"Once you have traveled, the voyage never ends, but is played out over and over again in the quietest chambers, that the mind can never break off from the journey."--Pat Conroy
Isn't that the truth? I have pondered my trip from the distance of a few months and an election. Some trips you take to relax; this trip gave me a new vantage point to examine my beliefs, in particular my beliefs about America. I love my country. I believe her ideals, her birth in liberty, her rugged individualism make us the best country in the world. The best. I believe that to the core of my being. I believe that God had a hand in our founding--that we were intentionally founded in a way that gives us freer access to our Creator than anywhere else, and freer access to be who God would have us to be.
Further, I believe that anyone in the world can be an American. Anyone. And something happened in Beijing to confirm that, less than thirty seconds really, that I can't quit thinking about.
We were in the train station in Beijing, waiting to board the train to Shanghai. It was a long line. As we approached the gate, the attendant was asking some people for their passports. She was asking the foreigners, but she didn't ask one single Chinese person. So of course she asked Bill and me...but she didn't ask Jean and Charlie. Jean and Charlie, who hold United States passports, voted for the first time in 2012, and are proud American citizens. The gate attendant assumed she knew that Charlie and Jean were Chinese because they looked Chinese. And two things hit me right then: first, no matter if I became a citizen, I could never truly be Chinese, no matter how much I wanted to be, because I wasn't born here to Asian parents; second (and more important), anyone in the world can be an American, because it isn't how you look on the outside, it is what is written on your heart that matters here.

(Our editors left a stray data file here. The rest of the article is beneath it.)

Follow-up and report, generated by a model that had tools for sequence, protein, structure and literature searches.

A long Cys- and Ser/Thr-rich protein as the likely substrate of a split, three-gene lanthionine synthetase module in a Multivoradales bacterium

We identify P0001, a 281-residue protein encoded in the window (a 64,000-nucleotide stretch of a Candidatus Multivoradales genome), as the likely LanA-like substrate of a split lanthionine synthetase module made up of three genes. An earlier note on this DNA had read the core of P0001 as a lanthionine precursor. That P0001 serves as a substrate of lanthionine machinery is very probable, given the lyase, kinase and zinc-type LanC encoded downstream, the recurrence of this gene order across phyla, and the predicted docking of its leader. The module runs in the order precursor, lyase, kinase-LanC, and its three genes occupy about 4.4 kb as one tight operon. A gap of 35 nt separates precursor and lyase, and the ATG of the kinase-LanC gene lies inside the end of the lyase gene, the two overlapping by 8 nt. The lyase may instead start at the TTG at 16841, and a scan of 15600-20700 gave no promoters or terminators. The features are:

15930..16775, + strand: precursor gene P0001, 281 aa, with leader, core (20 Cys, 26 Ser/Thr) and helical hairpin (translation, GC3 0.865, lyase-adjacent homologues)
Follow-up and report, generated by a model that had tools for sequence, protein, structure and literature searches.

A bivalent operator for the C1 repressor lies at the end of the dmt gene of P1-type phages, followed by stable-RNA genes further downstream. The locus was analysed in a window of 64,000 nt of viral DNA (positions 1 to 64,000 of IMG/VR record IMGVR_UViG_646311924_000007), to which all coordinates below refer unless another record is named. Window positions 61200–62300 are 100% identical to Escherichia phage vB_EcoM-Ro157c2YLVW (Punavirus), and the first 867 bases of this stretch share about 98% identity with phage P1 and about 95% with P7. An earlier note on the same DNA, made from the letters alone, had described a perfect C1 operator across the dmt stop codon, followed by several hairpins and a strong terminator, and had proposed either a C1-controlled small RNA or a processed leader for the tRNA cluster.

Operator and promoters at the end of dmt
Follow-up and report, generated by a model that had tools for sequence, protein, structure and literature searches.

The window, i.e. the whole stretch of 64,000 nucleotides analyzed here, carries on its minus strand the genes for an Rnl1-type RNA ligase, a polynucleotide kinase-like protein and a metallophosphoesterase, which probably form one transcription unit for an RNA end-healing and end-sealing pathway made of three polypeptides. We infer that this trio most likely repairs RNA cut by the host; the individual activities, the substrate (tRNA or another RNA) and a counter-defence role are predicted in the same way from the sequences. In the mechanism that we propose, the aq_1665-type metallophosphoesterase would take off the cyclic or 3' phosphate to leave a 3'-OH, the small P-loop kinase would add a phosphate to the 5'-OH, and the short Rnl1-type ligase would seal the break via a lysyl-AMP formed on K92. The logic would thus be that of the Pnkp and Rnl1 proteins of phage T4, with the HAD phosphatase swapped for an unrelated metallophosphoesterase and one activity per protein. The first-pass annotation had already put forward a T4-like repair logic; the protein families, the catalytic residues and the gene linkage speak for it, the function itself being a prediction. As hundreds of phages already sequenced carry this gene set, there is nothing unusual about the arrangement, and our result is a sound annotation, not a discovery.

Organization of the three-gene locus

Do you love liberty? Do you hold "life, liberty and the pursuit of happiness" dear? Do you believe you should just be left alone to pursue all the wonderful things that God has laid out for you to try and see and do in your life? Can you dream? Can you build big things so that your children's lives will be better than yours? Then come! We want you! You are already American in your heart--you just need your passport to match.
Think of that. We are the only country in the world where you can't guess, based on appearance, if someone is "one of us" or not. Where it is the heart that matters, a person's beliefs, and not their skin color, hair color, accent, or even where they were born. Being American is a choice.
I used to write a lot about politics. I still follow it, but frankly the election was enormously painful for me. This is why: for the first time, far more than ever before, how you looked on the outside was a reliable predictor of who you voted for. Think of that. Something is wrong when that is true. And yes, it is easy to point out that I am a textbook Romney voter--white, upper-middle-class, married woman. (Heck, I would have voted for Romney because Ann's a rider!) I don't know what to say to that. But when an entire campaign is focused on telling people that they must vote for a candidate because it is who they are--we are headed somewhere that I don't even understand.
America is about our heart and head, but not the things you see on the outside. I think I glimpsed a fundamental truth about America when I was halfway around the world. But the people who are spreading lies--and they are truly lies--about identity and belief and politics, those people are out to destroy who we are as Americans.
First we have to recognize it. I hope it isn't too late.